In our view, subdued inflation outcomes and—more importantly—muted inflation outlooks are the main motivation for dovish pivots at both the Fed and European Central Bank (ECB) this year, with both central bank and consensus inflation forecasts having converged towards ours (Exhibit 1).
Looking ahead, we expect the Fed and ECB to maintain their patient posture until upward inflationary pressures emerge. However, we equate patience to unchanged policy and we think markets have gone too far in pricing central bank rate cuts (Exhibit 2). As such, we are modestly underweight front-end US rates. We continue to favor European rates relative to other developed market rates—owing to our “lowflation” thesis for the region—though we have scaled back overweight relative value exposures on favorable market moves.
Source: GSAM, Bloomberg, Fed, ECB. As of March 25, 2019. The economic and market forecasts presented herein are for informational purposes as of the date of this presentation. There can be no assurance that the forecasts will be achieved. Please see additional disclosures at the end of this presentation.
We don’t think this is a “Goldilocks” environment where you want to be heavily overweight in riskier sectors of the fixed income market. Corporate credit and emerging market bonds have already rallied significantly this year and the potential for further spread compression is limited. However, we see value in holding moderate, diversified exposure to riskier sectors of the market and collecting the yield premium over government bonds in an environment where we expect stable growth and cautious central banks.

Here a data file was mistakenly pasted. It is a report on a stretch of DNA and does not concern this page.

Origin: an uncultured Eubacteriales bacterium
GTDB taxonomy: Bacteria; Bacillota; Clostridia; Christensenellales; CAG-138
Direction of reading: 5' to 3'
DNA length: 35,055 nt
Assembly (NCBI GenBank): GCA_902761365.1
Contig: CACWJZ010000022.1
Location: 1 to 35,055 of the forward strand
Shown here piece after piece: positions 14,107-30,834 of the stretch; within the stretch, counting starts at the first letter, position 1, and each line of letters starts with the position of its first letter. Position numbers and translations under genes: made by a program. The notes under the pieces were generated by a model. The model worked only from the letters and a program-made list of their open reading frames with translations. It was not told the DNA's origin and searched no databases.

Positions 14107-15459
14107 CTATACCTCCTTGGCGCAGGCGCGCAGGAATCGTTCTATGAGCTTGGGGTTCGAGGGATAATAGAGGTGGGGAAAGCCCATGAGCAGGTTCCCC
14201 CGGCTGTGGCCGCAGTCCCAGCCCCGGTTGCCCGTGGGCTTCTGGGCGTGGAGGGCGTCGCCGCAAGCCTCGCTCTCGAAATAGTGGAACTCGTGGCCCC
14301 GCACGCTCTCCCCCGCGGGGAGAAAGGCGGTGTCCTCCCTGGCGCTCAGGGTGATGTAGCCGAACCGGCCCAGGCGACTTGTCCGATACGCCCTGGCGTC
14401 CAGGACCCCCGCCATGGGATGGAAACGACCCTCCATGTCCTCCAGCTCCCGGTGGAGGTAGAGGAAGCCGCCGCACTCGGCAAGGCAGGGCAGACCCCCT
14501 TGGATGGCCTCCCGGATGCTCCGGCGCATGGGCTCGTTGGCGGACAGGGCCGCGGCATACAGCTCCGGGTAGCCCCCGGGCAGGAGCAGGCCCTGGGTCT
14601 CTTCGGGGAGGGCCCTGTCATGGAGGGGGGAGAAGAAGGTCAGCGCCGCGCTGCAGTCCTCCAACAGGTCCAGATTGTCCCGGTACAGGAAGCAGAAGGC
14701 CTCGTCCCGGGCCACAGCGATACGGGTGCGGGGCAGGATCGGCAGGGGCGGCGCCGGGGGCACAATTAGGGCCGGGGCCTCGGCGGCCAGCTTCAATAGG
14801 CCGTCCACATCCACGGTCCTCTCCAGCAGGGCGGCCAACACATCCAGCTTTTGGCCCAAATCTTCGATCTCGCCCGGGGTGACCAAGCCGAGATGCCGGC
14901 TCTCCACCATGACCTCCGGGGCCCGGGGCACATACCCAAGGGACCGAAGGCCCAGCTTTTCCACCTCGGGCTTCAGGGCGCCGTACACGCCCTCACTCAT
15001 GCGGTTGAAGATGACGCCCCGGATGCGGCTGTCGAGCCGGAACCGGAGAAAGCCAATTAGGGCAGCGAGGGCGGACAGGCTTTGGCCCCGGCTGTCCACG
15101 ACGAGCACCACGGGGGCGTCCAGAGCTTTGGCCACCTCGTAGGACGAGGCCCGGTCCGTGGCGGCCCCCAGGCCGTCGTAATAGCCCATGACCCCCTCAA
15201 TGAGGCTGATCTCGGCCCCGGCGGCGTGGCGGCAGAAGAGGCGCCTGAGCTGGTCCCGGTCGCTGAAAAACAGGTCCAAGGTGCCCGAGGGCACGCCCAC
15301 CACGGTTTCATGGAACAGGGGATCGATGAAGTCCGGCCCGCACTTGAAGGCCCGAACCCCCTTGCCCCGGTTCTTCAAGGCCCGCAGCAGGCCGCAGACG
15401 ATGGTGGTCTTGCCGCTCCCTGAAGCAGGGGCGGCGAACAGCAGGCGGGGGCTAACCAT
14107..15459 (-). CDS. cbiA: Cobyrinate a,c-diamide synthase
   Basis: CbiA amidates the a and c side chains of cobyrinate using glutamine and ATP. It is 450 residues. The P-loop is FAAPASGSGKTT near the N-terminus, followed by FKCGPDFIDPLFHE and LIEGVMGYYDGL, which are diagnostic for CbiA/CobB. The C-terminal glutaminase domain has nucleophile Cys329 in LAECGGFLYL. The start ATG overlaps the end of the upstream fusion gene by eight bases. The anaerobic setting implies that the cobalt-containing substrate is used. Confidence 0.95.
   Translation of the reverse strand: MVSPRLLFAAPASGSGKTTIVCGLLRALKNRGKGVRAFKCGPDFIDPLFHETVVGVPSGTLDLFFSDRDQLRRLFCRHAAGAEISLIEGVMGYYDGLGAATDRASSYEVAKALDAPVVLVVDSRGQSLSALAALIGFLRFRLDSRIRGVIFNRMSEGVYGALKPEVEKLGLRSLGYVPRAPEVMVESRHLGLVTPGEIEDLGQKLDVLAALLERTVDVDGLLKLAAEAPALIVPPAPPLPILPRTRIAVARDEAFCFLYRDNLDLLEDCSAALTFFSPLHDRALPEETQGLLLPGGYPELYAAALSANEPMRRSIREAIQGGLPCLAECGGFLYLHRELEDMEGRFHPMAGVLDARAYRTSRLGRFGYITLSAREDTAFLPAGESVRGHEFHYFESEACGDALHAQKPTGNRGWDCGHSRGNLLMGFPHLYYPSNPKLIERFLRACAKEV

Market pricing doesn’t necessarily reflect the most likely scenario for what the Fed will do; it reflects a range of scenarios and the balance of risks around those scenarios.
We think the market is currently pricing two main scenarios for the Fed. One is a steady-state scenario where the Fed leaves rates unchanged or perhaps raises rates once or twice more through the end of 2020. The second is a recession scenario where the Fed would likely move quickly to cut interest rates to near zero. The weighted average of those two scenarios is roughly two rate cuts, which is close to what the market is pricing.
We think the recession scenario is unlikely. We identify three major causes of US recessions in recent decades: elevated inflation that leads to aggressive tightening of monetary policy, private sector imbalances and supply-side shocks such as a sharp rise in oil prices.